Scotty got away and was never heard of afterwards.

When railroads and other companies wanted fighting men (or gunmen, as they are now called), to protect their interests, they came to Dodge City after them, and here they could sure be found. Large sums of money were paid out to them, and here they came back to spend it.

Cowboys at water tank in Dodge City, Kansas. This all added to Dodge's notoriety, and many a bunch of gunmen went from Dodge City. Besides these men being good shots, they did not know what fear was -- they had been too well trained by experience and hardships. The buffalo hunters lived on the prairie or out in the open, enduring all kinds of weather, and living on wild game, often without bread, and scarcely ever did they have vegetables of any description. Strong, black coffee was their drink, as water was scarce and hardly ever pure, and they were often out for six months without seeing inside of a house. The cowboys were about as hardy and wild, as they, too, were in the open for months without coming in contact with civilization, and when they reached Dodge City, they made Rome howl. The freighters were about the same kind of animals, perfectly fearless. Most of these men were naturally brave, and their manner of living made them more so. Indeed, they did not know fear, or any such thing as sickness-poorly fed and poorer clad; but they enjoyed good pay for the privations they endured, and when these three elements got together, with a few drinks of red liquor under their belts, you could reckon there was something doing. They feared neither God, man, nor the devil, and so reckless they would pit themselves, like Ajax, against lightning, if they ran into it.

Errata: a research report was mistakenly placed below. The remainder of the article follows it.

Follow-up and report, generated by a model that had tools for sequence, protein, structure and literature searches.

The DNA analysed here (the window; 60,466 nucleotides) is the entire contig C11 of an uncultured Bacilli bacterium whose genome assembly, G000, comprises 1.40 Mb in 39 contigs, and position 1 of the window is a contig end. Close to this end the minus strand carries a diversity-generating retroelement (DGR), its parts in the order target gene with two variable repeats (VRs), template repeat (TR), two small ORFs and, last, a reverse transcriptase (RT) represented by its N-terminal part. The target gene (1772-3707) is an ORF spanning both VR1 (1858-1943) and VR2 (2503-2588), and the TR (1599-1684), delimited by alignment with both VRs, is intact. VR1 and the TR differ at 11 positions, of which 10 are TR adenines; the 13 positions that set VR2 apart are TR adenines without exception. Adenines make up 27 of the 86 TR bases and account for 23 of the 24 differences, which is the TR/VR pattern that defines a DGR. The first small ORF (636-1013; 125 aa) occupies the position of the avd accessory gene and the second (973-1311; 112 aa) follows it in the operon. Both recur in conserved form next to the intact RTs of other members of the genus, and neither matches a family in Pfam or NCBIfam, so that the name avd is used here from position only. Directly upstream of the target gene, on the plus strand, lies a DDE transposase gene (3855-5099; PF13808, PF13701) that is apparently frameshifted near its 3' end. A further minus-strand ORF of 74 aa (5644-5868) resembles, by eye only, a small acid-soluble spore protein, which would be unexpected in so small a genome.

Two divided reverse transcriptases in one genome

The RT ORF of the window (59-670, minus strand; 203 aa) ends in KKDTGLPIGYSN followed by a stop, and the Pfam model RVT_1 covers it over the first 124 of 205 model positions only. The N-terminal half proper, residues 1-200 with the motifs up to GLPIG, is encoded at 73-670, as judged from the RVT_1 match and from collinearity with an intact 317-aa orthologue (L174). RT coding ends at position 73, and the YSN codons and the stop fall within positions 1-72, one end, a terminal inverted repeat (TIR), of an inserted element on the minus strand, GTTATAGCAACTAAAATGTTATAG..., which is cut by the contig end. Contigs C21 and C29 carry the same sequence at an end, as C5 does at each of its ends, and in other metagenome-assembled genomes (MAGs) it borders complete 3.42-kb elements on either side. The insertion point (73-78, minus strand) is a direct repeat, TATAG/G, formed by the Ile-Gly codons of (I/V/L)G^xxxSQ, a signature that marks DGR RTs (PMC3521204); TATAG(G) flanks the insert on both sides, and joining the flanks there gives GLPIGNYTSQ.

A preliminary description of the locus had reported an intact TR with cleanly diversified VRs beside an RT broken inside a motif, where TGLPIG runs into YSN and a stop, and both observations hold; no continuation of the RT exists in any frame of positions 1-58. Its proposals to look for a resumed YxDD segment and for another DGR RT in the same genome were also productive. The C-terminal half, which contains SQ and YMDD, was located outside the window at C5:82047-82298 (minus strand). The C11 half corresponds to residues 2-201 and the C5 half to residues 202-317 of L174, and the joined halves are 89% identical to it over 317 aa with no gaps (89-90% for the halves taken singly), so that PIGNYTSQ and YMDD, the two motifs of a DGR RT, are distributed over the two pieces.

It had always been the cowboys' boast as well as delight to intimidate the officers of every town on the trail, run the officers out of town, and run the town themselves, shooting up buildings, through doors and windows, and even at innocent persons on the street, just for amusement, but not so in Dodge. They only tried it a few times, and they got such a dose, they never attempted it again. You see, here the cowboys were up against a tougher crowd than themselves and equally as brave and reckless, and they were the hunters, and freighters -- "bull-whackers" and "mule-skinners," they were called. The good citizens of Dodge were wise enough to choose officers who were equal to the emergency. The high officials of the Santa Fe Railroad wrote me several times not to choose such rough officers -- to get nice, gentlemanly, young fellows to look after the welfare of Dodge and enforce its laws.



Continued Next Page




Also See:


Dodge City - A Wicked Little Town

Dodge City Historical Text

Fort Dodge History and Hauntings

Hell-Raising Dodge

Long Branch Saloon

Long Branch Saloon Shootout